Ross McElwee

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Ross McElwee
McElwee shooting a scene from Bright Leaves
Born (1947-07-21) July 21, 1947 (age 69)
Charlotte, North Carolina[1]
Occupation Filmmaker, Professor

Ross McElwee is an American documentary filmmaker known for his autobiographical films about his family and personal life, usually interwoven with an episodic journey that intersects with larger political or philosophical issues. Cultural aspects of his Southern upbringing are present in his humorous and often self-deprecating films. He received the Career Award at the 2007 Full Frame Documentary Film Festival.

Early life and education[edit]

Ross McElwee grew up in Charlotte, North Carolina, in a traditional Southern family.[citation needed] His father was a respected surgeon, and appears often as a character in McElwee's early films. From an early age McElwee nurtured an interest in writing.[citation needed] He later attended Brown University, where he studied under novelist John Hawkes, and graduated in 1971 with a degree in creative writing. But while at Brown, he also cross-registered in still photography courses at Rhode Island School of Design.[citation needed]

After graduating, McElwee lived for a year in Brittany, France and worked for a while as a wedding photographer's assistant. Upon returning to the US, he was admitted into MIT's new graduate filmmaking program, and graduated in 1977 with an M.S. While at MIT, he studied under documentarians Richard Leacock and Ed Pincus, both pioneers of the cinéma vérité movement, with whom he refined his first person narrative approach. "It was a new way of making films, to eliminate the film crew. You lose some technical polish, but it's much more intimate and less intimidating to your subjects. It allows you to shoot with the autonomy and flexibility of a photojournalist."[2]


McElwee's film career began in his hometown of Charlotte, North Carolina where he found summer employment as a studio cameraman for local evening news, housewife helper shows, and "gospel hour" programs.[citation needed] Later, he freelanced, as second cameraman for documentarians D.A. Pennebaker, and later John Marshall, in Namibia. McElwee started filming and producing his own documentaries in 1976.[citation needed]

Ross McElwee has been teaching filmmaking at Harvard University since 1986 where he is a professor in the Department of Visual and Environmental Studies.[citation needed]

Ross McElwee has made ten feature-length documentaries as well as several shorter films.[citation needed] Most of his films were shot in his homeland of the American South, among them the critically acclaimed Sherman's March, Time Indefinite, Six O'Clock News, and Bright Leaves.[citation needed] He collaborated with wife, Marilyn Levine, on Something to do with the Wall.[citation needed] His 2011 film, Photographic Memory, breaks new ground in McElwee's contributions to cinéma vérité, not only in its fully digital process, but in its open development and production structure.[citation needed]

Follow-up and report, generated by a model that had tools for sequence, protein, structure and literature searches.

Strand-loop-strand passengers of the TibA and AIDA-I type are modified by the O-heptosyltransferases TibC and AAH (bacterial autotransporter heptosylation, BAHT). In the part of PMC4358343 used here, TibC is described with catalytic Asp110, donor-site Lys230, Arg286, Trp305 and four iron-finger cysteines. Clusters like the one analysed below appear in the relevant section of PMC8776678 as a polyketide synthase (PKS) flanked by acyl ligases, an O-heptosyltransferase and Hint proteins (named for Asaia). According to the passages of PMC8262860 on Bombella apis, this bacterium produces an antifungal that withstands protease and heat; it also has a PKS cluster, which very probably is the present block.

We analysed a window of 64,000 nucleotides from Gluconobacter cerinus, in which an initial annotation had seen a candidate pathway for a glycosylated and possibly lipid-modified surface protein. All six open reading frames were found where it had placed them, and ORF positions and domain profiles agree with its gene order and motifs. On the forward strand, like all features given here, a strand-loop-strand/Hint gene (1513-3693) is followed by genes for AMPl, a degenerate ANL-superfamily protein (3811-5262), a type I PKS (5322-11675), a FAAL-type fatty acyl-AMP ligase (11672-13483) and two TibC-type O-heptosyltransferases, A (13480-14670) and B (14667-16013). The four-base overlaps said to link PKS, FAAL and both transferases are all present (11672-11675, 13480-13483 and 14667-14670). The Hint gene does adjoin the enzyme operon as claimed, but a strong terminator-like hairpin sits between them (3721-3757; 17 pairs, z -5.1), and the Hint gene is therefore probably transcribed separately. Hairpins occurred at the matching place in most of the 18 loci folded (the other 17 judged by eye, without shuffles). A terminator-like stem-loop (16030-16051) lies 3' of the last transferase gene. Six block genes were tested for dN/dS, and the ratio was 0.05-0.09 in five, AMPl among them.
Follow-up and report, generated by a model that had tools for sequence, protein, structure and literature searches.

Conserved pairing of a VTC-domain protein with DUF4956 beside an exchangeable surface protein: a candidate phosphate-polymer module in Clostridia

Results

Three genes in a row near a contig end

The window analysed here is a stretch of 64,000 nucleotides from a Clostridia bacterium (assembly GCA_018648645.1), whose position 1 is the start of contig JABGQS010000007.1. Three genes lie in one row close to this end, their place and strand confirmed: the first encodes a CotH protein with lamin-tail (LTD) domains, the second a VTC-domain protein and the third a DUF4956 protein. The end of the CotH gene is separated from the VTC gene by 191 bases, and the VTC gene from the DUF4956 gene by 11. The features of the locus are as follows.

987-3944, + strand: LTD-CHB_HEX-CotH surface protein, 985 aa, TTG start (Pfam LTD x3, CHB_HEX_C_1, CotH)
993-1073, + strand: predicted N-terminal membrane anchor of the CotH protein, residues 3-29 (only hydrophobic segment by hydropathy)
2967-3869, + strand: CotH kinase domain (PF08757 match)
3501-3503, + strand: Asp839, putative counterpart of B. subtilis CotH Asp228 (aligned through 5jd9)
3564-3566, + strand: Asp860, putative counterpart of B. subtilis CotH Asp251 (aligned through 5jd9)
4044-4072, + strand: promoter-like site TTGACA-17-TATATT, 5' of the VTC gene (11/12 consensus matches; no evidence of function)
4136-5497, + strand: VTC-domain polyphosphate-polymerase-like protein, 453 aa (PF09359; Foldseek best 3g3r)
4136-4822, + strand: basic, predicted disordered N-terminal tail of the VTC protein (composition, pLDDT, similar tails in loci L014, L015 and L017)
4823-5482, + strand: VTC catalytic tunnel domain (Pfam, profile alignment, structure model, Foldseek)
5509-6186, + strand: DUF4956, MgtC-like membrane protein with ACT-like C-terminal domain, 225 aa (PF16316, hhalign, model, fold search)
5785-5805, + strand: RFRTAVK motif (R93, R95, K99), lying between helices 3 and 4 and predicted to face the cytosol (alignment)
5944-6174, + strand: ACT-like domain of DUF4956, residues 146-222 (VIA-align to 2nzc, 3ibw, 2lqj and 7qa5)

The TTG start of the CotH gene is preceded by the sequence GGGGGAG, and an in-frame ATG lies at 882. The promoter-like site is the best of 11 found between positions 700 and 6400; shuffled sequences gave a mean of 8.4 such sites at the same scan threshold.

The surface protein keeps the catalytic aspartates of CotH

Sherman's March won numerous awards, including Best Documentary at the Sundance Film Festival.[citation needed] It was cited by the National Board of Film Critics as one of the five best films of 1986.[citation needed] Time Indefinite won a best film award in several festivals and was distributed theatrically throughout the U.S. Six O'Clock News premiered at the Sundance Film Festival and was broadcast nationally over PBS's Frontline.[citation needed]

McElwee's films have been included in the festivals of Cannes, Berlin, London, Venice, Vienna, Rotterdam, Florence, and Sydney.[citation needed] Retrospectives include the Museum of Modern Art; the Art Institute of Chicago; and the American Museum of the Moving Image, New York; Retrospectives have also been held in Paris, Tehran, Moscow, Seoul, Lisbon, and Quito. McElwee has received fellowships and grants from the John Simon Guggenheim Memorial Foundation, the Rockefeller Foundation, and the American Film Institute.[citation needed] He has twice been awarded fellowships in filmmaking by the National Endowment for the Arts. Sherman's March was also chosen for preservation by the Library of Congress National Film Registry in 2000 as an "historically significant American motion picture."[citation needed]

McElwee's film Bright Leaves premiered at the 2003 Cannes Film Festival's Directors' Fortnight, and was nominated for Best Documentary of 2004 by both the Directors Guild of America and the Writers Guild of America.[citation needed]

In Paraguay premiered at the Venice Film Festival in 2008.[citation needed] McElwee returned to Venice in 2011 to present the premier of Photographic Memory.[citation needed]




  1. ^ "Ross McElwee - Biography". ROSS MCELWEE / HOMEMADE MOVIES INC. Retrieved 2009-11-24. 
  2. ^ Ken Gewertz. "The world according to McElwee: A documentary filmmaker's unique personal vision" by Ken Gewertz, Harvard News Office, Harvard Gazette, Apr 21, 2005.

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